Unauthorized sharing of copyright files will become a criminal offense, and those who reverse-engineer DRM systems will face six months in prison.
France's Constitutional Council has made a stringent new copyright law even harsher,
modifying three articles of the law and striking out a fourth in a review of its
The changes mean that unauthorized sharing of copyright files such as music tracks will
become a criminal offense, while those who reverse-engineer DRM (digital rights
management) systems in order to develop interoperable software will face six months in
prison and a fine of ?30,000 (US$36,000).
After the National Assembly and the Senate approved the law on June 30, members of the
opposition Socialist Party called on the Council to rule the law unconstitutional,
citing procedural irregularities in debate, and problems with 11 of the text's articles.
However, their appeal backfired: the Council refused to strike down the law in its
entirety, and while it accepted their complaints about four of the disputed articles,
the effect of the remedies it proposes is far from what the socialists intended.
The ruling has dismayed campaigners against the law, who saw the constitutional review
as a last chance to block the law before President Jacques Chirac signed it into effect.
Aziz Ridouan, president of the Association of Audio Surfers, wrote that as a result of
French Minister of Culture Renaud Donnedieu de Vabres' repressive law, "12 million
French surfers risk five years in prison and a fine of ?500,000 each time they download
a file over the Internet."
Even Deputy Christian Vanneste, a member of the government majority who steered the law
through the National Assembly, regretted the ruling.
Among the benefits Vanneste referred to, the text voted on June 30 allowed an exemption
to the penalty for breaking DRM systems if it was done in order to develop interoperable
systems, and made unauthorized file sharing a civil matter, not criminal, with a penalty
of only ?38.
The socialists protested that Article 24 of the text made the law on copying of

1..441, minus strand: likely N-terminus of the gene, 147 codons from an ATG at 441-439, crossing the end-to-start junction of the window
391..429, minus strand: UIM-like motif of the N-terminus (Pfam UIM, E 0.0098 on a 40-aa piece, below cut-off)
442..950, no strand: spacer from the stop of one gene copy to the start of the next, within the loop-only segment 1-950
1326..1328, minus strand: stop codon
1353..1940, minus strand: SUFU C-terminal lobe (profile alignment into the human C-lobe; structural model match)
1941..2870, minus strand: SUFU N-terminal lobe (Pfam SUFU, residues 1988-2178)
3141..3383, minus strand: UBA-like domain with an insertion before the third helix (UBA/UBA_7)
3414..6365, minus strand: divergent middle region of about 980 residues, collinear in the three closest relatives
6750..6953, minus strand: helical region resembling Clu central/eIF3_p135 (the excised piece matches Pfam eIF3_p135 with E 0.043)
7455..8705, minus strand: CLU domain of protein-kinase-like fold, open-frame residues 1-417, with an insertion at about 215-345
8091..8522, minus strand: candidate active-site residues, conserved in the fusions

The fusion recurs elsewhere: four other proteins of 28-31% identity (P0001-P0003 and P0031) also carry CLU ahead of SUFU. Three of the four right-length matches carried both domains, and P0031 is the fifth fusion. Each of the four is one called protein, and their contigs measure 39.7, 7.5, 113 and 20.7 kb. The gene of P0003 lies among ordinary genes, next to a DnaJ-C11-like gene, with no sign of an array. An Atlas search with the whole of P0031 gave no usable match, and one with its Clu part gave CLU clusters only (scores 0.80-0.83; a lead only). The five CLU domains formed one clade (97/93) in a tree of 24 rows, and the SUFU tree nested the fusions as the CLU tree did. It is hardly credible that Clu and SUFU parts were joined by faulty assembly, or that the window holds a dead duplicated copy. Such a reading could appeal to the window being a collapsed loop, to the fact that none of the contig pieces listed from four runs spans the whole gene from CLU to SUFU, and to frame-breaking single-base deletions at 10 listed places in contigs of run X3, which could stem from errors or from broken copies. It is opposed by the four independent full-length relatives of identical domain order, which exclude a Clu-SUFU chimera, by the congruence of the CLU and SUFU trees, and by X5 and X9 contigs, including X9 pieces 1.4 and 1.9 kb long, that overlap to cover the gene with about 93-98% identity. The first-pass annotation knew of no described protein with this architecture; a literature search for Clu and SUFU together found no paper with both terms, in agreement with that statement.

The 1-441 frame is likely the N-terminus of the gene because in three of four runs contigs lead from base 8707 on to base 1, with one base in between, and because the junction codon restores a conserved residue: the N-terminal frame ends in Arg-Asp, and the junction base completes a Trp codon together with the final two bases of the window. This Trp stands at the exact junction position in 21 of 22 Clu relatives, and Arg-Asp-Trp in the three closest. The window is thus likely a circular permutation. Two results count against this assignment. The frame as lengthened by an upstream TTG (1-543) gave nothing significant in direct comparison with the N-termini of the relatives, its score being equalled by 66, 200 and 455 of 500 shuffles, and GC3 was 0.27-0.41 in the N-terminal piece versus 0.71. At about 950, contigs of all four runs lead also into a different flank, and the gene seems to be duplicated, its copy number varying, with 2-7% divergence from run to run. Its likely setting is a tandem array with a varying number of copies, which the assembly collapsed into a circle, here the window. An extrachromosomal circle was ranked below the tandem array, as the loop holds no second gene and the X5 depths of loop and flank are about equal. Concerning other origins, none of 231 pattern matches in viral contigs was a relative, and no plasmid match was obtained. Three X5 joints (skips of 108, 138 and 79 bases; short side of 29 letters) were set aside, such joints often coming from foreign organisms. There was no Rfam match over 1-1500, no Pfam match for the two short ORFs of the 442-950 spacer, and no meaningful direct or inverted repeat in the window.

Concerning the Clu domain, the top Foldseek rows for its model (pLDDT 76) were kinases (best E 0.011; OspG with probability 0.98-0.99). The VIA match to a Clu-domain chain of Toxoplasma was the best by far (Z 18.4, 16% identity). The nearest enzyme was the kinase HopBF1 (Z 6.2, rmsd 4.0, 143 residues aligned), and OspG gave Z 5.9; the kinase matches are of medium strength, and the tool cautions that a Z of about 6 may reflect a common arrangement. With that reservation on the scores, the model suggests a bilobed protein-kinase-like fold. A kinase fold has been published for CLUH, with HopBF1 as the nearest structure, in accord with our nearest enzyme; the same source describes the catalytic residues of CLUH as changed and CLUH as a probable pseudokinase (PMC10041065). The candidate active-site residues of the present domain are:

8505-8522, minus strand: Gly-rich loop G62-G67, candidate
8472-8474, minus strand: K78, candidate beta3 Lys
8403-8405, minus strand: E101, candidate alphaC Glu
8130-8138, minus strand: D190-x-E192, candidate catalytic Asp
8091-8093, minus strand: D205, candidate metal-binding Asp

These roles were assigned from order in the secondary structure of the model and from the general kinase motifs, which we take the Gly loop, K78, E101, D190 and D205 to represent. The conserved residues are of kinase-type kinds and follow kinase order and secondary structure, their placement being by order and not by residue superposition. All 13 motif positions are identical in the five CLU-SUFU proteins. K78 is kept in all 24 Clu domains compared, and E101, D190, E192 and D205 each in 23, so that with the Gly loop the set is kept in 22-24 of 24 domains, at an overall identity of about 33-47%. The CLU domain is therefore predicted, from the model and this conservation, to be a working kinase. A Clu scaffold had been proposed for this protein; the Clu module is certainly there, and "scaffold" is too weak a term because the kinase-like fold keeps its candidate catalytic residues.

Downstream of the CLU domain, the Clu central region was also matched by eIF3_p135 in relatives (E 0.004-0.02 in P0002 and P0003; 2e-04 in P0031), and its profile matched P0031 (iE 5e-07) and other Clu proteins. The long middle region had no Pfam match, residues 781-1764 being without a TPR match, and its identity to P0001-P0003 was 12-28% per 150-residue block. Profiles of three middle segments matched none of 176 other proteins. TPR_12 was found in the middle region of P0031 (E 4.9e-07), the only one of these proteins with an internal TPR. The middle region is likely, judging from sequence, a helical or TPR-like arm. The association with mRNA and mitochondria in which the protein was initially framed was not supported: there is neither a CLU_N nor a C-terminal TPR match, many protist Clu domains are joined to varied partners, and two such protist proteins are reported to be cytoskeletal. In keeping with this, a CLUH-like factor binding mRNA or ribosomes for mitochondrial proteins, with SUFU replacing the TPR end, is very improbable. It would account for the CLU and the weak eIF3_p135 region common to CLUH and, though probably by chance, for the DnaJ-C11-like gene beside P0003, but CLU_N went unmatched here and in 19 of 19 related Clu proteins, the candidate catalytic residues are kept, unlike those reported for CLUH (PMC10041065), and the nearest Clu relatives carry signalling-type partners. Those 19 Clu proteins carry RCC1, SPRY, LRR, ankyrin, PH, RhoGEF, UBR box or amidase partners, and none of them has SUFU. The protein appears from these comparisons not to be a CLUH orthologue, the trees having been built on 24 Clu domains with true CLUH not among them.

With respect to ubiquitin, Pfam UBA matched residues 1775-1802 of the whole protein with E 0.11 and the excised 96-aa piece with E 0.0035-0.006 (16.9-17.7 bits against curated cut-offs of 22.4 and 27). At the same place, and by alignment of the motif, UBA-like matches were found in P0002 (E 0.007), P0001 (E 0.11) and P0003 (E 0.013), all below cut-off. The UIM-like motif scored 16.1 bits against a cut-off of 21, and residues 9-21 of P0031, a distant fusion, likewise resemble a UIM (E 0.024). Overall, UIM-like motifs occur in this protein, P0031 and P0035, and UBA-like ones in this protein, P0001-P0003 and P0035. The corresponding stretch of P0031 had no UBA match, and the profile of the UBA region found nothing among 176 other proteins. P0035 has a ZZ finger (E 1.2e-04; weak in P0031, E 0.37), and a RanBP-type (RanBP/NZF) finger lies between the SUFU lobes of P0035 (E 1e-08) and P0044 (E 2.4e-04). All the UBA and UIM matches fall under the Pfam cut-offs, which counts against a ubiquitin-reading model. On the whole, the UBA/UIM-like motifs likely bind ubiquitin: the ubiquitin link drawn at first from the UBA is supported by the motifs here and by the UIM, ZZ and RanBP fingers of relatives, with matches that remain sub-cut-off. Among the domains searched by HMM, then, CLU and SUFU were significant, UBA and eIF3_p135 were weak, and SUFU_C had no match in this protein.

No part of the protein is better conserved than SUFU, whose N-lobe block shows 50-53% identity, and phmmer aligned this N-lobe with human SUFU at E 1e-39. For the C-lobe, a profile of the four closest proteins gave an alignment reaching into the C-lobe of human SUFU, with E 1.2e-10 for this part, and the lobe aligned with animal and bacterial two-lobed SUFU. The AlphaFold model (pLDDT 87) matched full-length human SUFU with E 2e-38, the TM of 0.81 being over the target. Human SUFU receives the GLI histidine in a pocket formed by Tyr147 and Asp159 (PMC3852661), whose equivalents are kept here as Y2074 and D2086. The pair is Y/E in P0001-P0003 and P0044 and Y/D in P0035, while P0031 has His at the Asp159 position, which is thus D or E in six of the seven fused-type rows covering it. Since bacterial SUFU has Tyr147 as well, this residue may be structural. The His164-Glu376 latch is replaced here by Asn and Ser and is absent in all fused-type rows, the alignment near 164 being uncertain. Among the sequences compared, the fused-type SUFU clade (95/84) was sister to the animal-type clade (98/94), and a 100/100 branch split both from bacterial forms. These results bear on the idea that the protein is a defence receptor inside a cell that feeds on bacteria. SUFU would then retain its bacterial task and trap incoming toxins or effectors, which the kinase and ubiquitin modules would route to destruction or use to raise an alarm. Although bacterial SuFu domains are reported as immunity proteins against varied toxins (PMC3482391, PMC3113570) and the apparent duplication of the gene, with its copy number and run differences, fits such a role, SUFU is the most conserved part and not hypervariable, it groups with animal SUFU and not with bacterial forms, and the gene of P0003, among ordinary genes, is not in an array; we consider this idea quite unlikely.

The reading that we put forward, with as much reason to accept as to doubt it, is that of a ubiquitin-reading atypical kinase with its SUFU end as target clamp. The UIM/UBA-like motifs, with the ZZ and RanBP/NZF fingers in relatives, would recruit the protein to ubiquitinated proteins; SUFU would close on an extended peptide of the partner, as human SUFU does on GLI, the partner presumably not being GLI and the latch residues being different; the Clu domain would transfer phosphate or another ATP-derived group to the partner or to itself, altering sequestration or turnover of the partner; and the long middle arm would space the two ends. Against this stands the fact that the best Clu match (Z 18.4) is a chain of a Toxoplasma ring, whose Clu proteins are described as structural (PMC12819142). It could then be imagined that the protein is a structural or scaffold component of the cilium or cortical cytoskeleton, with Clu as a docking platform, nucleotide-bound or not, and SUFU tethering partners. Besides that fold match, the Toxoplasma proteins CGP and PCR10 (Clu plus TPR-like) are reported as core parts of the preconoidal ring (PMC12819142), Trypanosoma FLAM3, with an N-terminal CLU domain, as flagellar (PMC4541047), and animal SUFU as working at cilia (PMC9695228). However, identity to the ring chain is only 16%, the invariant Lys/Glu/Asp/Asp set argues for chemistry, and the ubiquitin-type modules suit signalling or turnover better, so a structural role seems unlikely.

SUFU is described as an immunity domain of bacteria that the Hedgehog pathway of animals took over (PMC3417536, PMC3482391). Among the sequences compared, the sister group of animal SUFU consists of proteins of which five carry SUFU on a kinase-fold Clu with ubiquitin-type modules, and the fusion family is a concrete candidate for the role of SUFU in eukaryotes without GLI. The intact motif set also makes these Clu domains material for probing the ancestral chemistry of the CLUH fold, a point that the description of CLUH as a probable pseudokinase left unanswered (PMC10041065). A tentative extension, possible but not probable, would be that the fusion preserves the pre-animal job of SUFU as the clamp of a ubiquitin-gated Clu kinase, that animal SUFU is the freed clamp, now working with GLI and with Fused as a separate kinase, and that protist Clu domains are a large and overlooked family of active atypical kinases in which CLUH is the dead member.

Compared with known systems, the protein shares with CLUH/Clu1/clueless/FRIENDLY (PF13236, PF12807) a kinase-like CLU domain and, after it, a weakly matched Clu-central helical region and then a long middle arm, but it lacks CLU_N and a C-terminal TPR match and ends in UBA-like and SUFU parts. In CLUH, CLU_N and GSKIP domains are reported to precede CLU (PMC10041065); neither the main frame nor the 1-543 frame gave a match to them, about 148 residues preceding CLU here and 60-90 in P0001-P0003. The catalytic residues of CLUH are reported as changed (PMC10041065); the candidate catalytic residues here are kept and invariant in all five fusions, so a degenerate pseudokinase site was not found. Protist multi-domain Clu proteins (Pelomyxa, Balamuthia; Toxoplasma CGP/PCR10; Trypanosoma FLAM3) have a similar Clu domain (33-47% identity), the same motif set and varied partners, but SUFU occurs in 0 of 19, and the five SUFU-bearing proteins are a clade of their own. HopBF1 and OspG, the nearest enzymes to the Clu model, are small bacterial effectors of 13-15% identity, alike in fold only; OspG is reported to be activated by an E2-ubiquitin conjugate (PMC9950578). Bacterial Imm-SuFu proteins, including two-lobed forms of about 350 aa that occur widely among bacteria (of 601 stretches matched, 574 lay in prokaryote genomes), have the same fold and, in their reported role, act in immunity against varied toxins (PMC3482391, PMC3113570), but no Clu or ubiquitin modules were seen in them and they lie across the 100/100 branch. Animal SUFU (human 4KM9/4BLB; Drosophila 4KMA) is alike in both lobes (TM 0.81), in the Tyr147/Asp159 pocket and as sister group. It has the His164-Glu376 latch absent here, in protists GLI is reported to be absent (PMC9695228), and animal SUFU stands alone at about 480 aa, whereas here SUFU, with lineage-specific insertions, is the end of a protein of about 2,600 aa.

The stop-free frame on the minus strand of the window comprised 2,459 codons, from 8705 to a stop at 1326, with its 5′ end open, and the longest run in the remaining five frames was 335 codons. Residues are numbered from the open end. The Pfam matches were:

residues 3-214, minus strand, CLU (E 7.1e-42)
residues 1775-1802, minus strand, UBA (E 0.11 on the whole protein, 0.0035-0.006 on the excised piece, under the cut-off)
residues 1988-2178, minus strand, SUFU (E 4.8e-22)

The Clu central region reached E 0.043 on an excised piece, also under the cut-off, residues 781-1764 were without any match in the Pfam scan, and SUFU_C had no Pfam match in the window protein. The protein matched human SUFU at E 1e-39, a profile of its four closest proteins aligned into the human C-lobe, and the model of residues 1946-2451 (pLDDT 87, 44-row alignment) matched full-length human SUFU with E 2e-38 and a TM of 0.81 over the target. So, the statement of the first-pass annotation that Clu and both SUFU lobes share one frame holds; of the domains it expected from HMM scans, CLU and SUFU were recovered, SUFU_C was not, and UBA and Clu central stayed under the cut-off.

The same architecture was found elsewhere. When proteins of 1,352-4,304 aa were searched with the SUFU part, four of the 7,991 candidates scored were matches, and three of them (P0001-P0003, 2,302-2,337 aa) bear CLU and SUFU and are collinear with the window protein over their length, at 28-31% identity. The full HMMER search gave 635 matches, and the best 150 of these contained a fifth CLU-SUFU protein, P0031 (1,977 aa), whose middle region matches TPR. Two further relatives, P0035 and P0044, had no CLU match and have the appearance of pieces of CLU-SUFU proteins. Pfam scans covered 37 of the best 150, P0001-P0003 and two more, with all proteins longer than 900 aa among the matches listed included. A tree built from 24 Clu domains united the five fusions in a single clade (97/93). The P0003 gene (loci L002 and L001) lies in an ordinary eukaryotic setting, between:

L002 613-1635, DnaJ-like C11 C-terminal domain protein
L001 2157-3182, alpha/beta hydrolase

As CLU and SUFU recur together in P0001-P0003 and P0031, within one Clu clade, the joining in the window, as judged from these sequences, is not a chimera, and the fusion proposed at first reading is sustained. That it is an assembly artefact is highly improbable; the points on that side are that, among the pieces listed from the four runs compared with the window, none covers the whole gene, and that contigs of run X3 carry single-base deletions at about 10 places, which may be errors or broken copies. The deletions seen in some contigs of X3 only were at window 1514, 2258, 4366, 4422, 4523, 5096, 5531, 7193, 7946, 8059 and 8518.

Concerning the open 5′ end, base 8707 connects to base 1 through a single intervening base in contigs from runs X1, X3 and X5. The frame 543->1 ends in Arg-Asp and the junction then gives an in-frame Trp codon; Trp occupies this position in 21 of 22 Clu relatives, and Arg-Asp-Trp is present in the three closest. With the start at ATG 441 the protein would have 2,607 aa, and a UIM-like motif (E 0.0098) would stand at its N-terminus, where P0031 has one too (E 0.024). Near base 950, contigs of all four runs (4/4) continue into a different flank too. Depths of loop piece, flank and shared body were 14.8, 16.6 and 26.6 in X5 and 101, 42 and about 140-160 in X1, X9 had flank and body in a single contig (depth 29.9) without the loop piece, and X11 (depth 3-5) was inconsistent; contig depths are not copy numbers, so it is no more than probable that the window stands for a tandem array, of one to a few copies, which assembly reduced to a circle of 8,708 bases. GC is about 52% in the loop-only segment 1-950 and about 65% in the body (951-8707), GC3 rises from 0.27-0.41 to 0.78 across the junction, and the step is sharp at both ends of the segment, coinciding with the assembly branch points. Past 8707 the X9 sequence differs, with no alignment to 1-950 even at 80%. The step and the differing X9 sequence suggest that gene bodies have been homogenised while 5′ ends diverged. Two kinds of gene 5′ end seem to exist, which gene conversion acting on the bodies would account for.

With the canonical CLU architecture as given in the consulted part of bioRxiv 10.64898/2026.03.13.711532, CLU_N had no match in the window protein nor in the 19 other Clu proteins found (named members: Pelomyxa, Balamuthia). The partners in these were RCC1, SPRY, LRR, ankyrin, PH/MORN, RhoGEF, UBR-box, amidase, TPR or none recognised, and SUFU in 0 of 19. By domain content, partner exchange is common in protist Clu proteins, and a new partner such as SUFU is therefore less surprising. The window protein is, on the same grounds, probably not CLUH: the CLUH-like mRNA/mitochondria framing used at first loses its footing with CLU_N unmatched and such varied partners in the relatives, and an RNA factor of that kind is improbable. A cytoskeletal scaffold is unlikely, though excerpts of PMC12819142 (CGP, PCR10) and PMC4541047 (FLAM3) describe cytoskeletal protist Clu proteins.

protected copyright works for personal use unfair. It created an exemption for the use
of file-sharing software, making it a civil offense, but left other methods of copying
subject to criminal penalties for piracy, defined elsewhere. Copying music for personal
use is currently legal in France, and the price of all blank recording media, from
cassette tapes to flash memory sticks, includes a special levy that is used to
Rather than modify the article to treat all unauthorized copying of protected copyright
works for personal use as a civil offense, whatever the means employed, the Council
struck out the article in its entirety, exposing all online copying to criminal
The Council's decision undermines the assurances given by De Vabres, who said earlier
this year that the law offered a "measured response" to file sharing, and that file
sharers would no longer face prison.
The interoperability element makes it possible for competitors of, for example, Apple
Computer Inc.'s iPod, to build players capable of playing music bought from the iTunes
Music Store, or for others to create online music stores selling protected works that
will play on an iPod.
For now, Apple refuses to license its DRM system to others, leaving those wishing to
create interoperable systems no option but to reverse-engineer Apple's system by
breaking the DRM protection. The June 30 punished the breaking of DRM protection by six
months in prison and a ?30,000 fine, but exempted those doing so to develop
With so much at stake for open-source developers and others wanting to build
interoperable music and video players while staying on the right side of the law, the
socialists had asked the Council to define the term "interoperability," undefined in the
text. But the Council, rather than clarify matters, simply deleted the word, removing
the exemption and exposing open-source DRM developers to the full force of the law.